In the 1920's, there was a phenomenon in which travelling baseball teams (usually 'themed' in some way, weather real- like an all-black team- or fake, like a 'hillbilly' team playing the fools) would go around the country booking themselv
Jun 13, 2016 rated it liked it
Shelves: graphic-novels
This review has been hidden because it contains spoilers. To view it, click here.
Nov 12, 2012 rated it really liked it
THE GOLEM’S MIGHTY SWING snuck up on me. Despite being aware of some glowing reviews before my reading of the story, my expectations were subdued--I could not imagine that something so spare with its dialogue and relatively few frames for its hundred pages could wield such power. As I read though I began to feel the slights suffered by the almost all Jewish baseball team barnstorming 1920s America. Despite baseball’s laconic nature, the turns of fortune are usually sudden and thus hitting with a ...more
Robert Beveridge
James Sturm, The Golem's Mighty Swing (Drawn and Quarterly, 2003)

Ah, the glory days of baseball, when the game was played by little travelling teams who catered to niche markets. Such is the atmosphere of James Sturm's The Golem's Mighty Swing, a graphic novel set during the Depression and featuring an all-Jewish (with one black guy wryly described as a member of the lost tribe) team who travels the country in a broken-down bus playing in the bush leagues. They run into a promoter who decides th
Graphic historical novel about the Star of David baseball team barnstorming during the Depression is told in three unequal episodes. A promoter promises bigger money if the team pretends one of its players, the only non-Jewish player, a former Negro Leagues slugger named Henry Bell working under the name Hershel Bloom, is a Golem. Bell looks the part, gigantic, dark, and thickly muscled. In the first episode the player-manager narrator dismisses the idea but after their rickety bus breaks down a ...more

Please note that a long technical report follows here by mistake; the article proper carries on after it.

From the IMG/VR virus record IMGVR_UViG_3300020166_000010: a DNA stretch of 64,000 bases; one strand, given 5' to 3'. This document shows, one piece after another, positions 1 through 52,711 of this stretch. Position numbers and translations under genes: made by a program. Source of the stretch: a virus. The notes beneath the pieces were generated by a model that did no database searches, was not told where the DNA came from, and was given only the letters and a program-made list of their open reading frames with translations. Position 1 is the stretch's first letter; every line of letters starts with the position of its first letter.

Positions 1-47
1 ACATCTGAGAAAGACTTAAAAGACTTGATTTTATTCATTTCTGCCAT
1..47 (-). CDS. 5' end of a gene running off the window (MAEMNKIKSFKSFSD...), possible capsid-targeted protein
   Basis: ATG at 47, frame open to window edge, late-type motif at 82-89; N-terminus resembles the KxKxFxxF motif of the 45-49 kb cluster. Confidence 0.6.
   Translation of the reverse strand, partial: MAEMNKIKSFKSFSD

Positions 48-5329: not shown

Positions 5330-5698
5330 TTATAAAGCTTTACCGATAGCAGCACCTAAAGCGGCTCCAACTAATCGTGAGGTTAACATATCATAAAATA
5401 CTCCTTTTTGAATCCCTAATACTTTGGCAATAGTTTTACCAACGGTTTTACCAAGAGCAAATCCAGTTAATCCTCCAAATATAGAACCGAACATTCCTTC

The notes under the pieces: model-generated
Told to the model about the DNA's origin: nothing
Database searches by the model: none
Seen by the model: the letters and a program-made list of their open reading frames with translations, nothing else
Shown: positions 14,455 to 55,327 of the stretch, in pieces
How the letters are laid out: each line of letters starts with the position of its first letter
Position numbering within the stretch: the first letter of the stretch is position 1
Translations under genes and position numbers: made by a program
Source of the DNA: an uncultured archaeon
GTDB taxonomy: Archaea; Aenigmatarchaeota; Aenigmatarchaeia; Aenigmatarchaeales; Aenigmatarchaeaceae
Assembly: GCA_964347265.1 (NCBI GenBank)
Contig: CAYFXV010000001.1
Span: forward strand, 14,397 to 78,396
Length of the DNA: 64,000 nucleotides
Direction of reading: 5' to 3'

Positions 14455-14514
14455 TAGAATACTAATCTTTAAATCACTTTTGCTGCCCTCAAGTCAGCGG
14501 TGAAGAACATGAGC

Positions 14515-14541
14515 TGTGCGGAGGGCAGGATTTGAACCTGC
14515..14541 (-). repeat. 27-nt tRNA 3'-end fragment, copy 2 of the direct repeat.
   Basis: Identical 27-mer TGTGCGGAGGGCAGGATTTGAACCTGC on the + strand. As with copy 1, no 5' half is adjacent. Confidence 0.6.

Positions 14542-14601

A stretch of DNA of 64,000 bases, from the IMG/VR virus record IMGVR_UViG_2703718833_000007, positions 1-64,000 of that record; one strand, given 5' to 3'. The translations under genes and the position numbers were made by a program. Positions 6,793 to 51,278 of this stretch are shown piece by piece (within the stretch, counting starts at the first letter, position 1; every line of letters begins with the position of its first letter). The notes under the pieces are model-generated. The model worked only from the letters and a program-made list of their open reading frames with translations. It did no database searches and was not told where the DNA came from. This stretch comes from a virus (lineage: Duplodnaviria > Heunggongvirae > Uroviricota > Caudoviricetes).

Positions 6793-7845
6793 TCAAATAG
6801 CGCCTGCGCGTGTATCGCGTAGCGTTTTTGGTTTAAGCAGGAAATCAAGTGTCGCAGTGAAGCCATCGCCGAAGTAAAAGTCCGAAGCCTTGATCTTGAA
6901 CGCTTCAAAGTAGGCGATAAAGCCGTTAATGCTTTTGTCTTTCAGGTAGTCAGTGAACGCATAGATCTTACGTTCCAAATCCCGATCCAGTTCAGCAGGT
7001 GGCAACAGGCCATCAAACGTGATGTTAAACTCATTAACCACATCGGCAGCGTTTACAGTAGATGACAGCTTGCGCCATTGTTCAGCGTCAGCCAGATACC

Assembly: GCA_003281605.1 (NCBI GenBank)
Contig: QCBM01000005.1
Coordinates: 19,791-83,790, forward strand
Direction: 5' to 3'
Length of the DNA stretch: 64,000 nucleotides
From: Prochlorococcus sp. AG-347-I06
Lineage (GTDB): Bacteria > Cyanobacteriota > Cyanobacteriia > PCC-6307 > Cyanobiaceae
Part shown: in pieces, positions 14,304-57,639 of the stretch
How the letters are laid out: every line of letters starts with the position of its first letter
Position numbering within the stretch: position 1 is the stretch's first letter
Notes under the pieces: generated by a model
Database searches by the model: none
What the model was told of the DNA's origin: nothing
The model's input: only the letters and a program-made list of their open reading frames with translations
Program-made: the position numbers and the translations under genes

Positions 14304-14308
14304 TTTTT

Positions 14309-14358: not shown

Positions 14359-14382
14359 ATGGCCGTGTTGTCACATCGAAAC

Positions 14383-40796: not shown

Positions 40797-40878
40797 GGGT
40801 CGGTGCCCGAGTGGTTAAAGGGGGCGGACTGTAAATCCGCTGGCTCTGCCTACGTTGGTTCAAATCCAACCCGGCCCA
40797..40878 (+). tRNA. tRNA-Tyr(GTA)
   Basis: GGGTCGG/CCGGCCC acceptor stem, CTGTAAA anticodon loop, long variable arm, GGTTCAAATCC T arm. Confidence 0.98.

Dec 13, 2009 rated it really liked it
I wanted to give this 5 stars, I really did, but the ending fell very flat.

However, the rest of the story is a gem - the history is spot on and it makes you wince at this country's past just as much as it makes you cheer for the people willing to literally risk death in order to try and break down barriers. The team risks a lot just to play the national pastime - at one point a potential lynching is called off only on account of rain.

There's a lot more going on here than just baseball, - the g
Garrett Zecker
Aug 27, 2015 rated it liked it
This was a great little graphic novel about a ragtag Jewish baseball team The Stars of David early in the 20th century. It is part sports drama, part vaudevillian showcase, and part historical footnote commenting on the antisemitic tendencies of some backward small towns.

With beautiful art and a simple narrative, the book turns the spectacle of America’s greatest pastime into a mythical battle of epic proportions on the field of America’s history of racial and religious intolerance.

My only compl
Jay Daze
An atmospheric graphic novel about an all Jewish team touring the old baseball leagues and the rascism they face.

Ironically the one player who isn't Jewish, Henry Bell who played 20 years in the negro leagues, is set up by a promoter to play the Golem as a gimick to generate excitement and money. Except it also stirs up even more racism by playing to sterotypes.